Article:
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AIDCOC objects to proposed bill to centralize drug licensing

A Raju, Hyderabad
Tuesday, August 6, 2013, 08:00 Hrs  [IST]

The All India Drugs Control Officers' Confederation (AIDCOC) is gearing up to oppose the proposed central drug control administration bill in parliament as the confederation feels that it will curtail the powers of state drug controllers and moreover delay the licensing system in the country.

According to Ravi Uday Bhaskar, secretary general, AIDCOC, the central drug standard control organisation (CDSCO) is trying to centralize the entire drug licensing system by curtailing the powers of the state DCAs and asked the rationale behind such a move when the state drug authorities are equally competent enough to do the job. When the world is moving towards decentralization for better governance and transparency, the CDSCO proposal to centralize the authority is unwarranted.

Voicing strongly against the proposed bill, the AIDCOC general secretary said, “Health is in the concurrent list and it is the subject of both the state and central governments and therefore both are equally empowered to give licenses or cancel the approvals. Limiting the powers of state DCAs is unacceptable. We are mobilizing all the state DCAs and will speak to the health ministry and others at central government and fight for our rights.”

With the bill being cleared by the central cabinet, AIDCOC and the state drug control administrations across the country are totally opposing the government’s move to pass the bill in the parliament. “We are totally against the proposed bill to set up a central drug authority. If the bill is passed, it will curtail the powers of state DCAs and the CDSCOs will intrude into the affairs of the SDCAs which is not at all acceptable,” pointed the secretary.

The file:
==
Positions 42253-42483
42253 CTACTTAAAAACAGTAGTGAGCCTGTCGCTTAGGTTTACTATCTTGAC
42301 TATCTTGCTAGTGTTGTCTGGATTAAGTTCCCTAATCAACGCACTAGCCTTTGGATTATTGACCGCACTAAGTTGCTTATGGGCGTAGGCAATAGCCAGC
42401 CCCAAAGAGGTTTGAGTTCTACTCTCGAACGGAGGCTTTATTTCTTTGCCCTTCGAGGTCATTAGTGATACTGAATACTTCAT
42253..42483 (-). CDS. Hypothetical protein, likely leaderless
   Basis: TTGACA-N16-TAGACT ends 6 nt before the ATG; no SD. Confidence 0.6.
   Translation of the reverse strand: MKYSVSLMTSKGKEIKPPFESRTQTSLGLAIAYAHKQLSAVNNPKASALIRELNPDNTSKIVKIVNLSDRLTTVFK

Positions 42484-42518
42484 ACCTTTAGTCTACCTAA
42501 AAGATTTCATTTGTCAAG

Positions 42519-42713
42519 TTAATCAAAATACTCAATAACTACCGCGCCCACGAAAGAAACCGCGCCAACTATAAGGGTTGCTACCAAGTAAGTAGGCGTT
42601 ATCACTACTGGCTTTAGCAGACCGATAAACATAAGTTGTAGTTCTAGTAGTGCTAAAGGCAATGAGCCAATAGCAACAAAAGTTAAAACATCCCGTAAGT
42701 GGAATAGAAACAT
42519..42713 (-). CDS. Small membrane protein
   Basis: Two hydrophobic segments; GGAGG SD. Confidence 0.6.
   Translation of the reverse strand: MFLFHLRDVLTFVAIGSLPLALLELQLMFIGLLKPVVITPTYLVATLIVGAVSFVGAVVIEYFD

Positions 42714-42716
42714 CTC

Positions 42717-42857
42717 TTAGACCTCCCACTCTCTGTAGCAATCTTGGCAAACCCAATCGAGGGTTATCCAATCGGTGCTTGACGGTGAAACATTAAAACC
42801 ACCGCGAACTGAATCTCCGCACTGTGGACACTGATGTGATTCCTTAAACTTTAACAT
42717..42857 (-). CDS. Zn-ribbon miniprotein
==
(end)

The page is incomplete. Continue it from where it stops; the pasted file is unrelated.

As the bill has already been cleared by the union cabinet, the health ministry is planning to introduce the same during the upcoming session. The Drugs and Cosmetics (D&C) Bill, 2013, is a comprehensive legislation for the drugs and cosmetics sector and it aims to build a centralised drug control system on lines of US FDA.

As per the provisions of the bill, it is proposed to introduce separate chapter on clinical trials and another on medical devices. Earlier the bill was amended in 2008 but did not have separate chapters on clinical trials and medical devices regulations which lay down specific penal provisions in case of any violation. The bill also proposes set up a Central Drugs Authority (CDA) to act as an appellate body for central and state drug controllers. As per the new bill the CDA will be the only authority to issue manufacturing licenses covered under 17 critical categories, which was earlier issued by the state DCAs.

“It is nothing but an attempt to centralize the drug licensing system and to curtail the power of state drug control authority. Intruding into the affairs of state drug control administration will not only dilute the entire system but also delay the process of licensing which is already been hit hard,” said Raja Bhanu, assistant drug controller, APDCA.

While pointing at the inefficiency of CDSCO officials,AIDCOC general secretary said, “Already the parliamentary committee has pointed against the CDSCO for granting manufacturing and sales permission to 33 drugs without conducting phase-II trials in the country. This reflects the inefficiency of the CDSCO officials. The CDSCO needs to take steps to recall all the 33 drug approvals and investigate against the officials who have granted license.”

“We demand the central drug control administration to strengthen the state DCAs by empowering them with additional manpower and equipping them with required infrastructure and enable them to enhance updated knowledge and information about advanced technology, procedures and regulations to contain spread of spurious drugs. The CDSCOs main objective should be to monitor and supervise the state DCAs and leave the job of licensing to the state DCAs,” another senior drug control official of AP drug control association said.

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